LACONIA — Workers installed the last of 15 parking pay stations in The Weirs on Tuesday and the new system was set to go into operation on Wednesday.

The computerized solar-powered parking kiosks, which accept coins and credit cards, but not paper bills, replaced more than 200 meters that were in place throughout the area.

The parking system cost about $100,000 and is part of the $4.3 million Lakeside Avenue Improvement Project, which included placement of electrical lines underground, installation of new streetlights, resurfacing of the roadway and upgrade of sidewalks.

Luke Powell, assistant Public Works director, said the system was undergoing final testing on Tuesday. The kiosks have many advantages over parking meters, he said.

“The convenience is huge,” Powell said. “A lot of people don't carry the coins they need to feed a meter for the length of time they'd like to park. There is less maintenance. The coins don't have to be emptied as often. They look good.”

Parking fees along Lakeside Avenue will be $1 an hour, double what it cost to use the meters.
Kiosks installed at the Endicott Beach parking lot will be $2 an hour. The previous rate was $10 per day.

Parking spaces are numbered. Motorists will go to the kiosk near their spot, enter the parking space number and pay for their time.

If you're cruising Lake Winnipesaukee on the Mount Washington and notice your parking time is about to elapse, no problem. There's an app for that. Using a cell phone or a tablet, you can buy more time.

Likewise, police can monitor parking compliance by looking at an app. Those parked in a space without proper payment could face a $10 parking ticket.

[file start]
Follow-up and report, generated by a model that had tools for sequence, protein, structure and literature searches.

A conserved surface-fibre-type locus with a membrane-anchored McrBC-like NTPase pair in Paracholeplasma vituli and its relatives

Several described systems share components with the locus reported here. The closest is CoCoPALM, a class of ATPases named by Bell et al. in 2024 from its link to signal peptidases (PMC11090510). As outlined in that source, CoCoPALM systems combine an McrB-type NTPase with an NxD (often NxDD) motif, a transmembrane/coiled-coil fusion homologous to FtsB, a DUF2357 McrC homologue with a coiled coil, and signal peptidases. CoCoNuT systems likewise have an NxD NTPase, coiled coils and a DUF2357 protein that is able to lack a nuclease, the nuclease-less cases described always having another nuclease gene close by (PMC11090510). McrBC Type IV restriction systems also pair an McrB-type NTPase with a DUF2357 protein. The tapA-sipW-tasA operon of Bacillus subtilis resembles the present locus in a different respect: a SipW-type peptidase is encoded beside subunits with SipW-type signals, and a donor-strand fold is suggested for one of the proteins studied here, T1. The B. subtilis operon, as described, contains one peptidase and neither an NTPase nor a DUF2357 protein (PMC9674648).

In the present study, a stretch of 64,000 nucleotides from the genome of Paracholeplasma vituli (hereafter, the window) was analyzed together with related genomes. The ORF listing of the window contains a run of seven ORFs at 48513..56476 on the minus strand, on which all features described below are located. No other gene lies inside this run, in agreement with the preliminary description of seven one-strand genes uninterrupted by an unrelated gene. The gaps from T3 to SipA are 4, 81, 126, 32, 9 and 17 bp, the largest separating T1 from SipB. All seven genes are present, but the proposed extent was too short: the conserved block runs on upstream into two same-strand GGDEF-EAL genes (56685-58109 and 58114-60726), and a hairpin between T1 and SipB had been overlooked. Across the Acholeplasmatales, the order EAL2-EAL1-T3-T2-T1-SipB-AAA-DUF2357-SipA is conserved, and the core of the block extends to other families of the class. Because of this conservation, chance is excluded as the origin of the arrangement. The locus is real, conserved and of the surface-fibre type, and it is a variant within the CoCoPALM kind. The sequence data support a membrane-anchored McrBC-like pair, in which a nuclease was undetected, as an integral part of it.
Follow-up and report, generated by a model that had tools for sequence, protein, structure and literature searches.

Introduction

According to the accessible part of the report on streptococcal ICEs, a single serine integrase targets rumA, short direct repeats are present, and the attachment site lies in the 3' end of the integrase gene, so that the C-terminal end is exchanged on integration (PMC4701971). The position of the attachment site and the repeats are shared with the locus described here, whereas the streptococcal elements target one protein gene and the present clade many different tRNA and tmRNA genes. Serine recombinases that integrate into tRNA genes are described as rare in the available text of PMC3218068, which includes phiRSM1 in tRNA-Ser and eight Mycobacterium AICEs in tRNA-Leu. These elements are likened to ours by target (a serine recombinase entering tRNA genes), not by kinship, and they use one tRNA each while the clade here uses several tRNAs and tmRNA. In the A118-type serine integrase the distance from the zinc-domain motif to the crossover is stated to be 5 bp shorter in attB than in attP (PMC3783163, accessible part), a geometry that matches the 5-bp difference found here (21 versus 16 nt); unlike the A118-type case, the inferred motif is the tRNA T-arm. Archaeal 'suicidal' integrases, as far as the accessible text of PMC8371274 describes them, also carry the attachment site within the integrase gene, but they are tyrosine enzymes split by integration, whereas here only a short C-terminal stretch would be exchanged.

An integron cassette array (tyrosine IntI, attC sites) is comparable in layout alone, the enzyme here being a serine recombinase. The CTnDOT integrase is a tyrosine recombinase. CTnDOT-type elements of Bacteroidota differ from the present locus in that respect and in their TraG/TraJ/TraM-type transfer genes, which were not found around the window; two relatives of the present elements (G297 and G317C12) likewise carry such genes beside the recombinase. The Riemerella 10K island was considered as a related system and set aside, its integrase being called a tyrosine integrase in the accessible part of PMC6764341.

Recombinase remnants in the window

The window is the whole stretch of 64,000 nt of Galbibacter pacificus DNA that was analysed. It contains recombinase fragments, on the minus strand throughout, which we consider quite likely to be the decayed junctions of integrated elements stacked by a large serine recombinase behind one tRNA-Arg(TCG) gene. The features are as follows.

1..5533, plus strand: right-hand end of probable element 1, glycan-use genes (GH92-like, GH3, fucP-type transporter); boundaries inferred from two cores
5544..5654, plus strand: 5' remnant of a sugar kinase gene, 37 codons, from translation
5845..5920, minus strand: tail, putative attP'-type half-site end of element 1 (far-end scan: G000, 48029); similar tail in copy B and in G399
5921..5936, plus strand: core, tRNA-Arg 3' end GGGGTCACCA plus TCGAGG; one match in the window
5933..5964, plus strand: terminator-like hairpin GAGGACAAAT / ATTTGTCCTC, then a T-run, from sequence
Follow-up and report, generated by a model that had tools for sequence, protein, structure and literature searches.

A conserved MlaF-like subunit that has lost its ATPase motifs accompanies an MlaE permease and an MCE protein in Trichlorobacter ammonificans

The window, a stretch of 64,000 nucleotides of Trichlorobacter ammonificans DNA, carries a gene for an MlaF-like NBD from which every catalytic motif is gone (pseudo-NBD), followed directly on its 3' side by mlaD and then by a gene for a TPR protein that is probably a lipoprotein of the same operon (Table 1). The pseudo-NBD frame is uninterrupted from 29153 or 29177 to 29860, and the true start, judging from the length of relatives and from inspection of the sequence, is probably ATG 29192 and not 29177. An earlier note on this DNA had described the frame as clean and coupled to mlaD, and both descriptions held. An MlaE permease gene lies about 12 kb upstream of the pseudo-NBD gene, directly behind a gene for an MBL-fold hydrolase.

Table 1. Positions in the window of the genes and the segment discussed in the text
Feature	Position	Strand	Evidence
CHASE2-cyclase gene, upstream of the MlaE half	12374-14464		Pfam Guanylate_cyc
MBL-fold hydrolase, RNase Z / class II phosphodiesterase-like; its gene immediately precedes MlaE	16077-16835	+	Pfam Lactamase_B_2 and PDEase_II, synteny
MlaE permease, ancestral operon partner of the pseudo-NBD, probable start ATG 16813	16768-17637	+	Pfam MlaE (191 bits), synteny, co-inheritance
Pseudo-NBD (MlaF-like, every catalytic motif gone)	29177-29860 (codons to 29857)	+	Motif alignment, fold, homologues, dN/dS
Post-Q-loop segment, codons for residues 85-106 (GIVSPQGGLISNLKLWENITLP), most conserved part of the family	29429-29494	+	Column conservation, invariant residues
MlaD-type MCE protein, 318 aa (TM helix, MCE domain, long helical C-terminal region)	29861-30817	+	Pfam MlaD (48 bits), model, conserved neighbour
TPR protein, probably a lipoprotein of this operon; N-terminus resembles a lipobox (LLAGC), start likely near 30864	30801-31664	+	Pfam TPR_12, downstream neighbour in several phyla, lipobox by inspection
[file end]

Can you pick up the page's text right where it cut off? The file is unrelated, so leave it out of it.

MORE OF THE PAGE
The kiosks, which will be in operation from 9 a.m. to 10 p.m., will be unbolted after Columbus Day and placed in storage until next year, when they will re-installed for Memorial Day Weekend.

06 20 Kiosk Unveil

Steve St. Pierre uncovers one of the new parking kiosks along Lakeside Avenue at The Weirs. The covers were installed for Motorcycle Week, making parking free at that time, but they will be active through Columbus Day. Parking will be $1 an hour. (Adam Drapcho/Laconia Daily Sun)

  • Written by Rick Green
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Arson at apartment

06 20 southmainfire 2

A fire at 391 Main St. Tuesday morning is believed to have been set deliberately by the tenant of the apartment. No other apartments were damaged, though the business below got wet. (Roger Amsden/for The Laconia Daily Sun)

Neighbors say tenant set fire to city building,  police wait to charge man

LACONIA — Police have determined that yesterday morning’s apartment fire at 391 Main St. was intentionally set but said they cannot make an arrest until their suspect is medically cleared. Police had transported a tenant of the apartment complex from the scene to the hospital for an evaluation while firefighters were tackling the fire.
Neighbors said it was a second-floor tenant who moved in two weeks ago who started the blaze, which the Laconia Fire Department quickly contained.
Fire Chief Ken Erickson said firefighters responded within minutes of the 8:50 a.m. call, and the crew was in and out in less than an hour. A hydrant just across the street gave easy access to water, but very little was required to bring the fire under control.
Erickson, who was the first firefighter to arrive, noted that, although Belmont and Gilford also were dispatched to the fire, both departments were out handling other calls, and the Weirs crew was out for service training.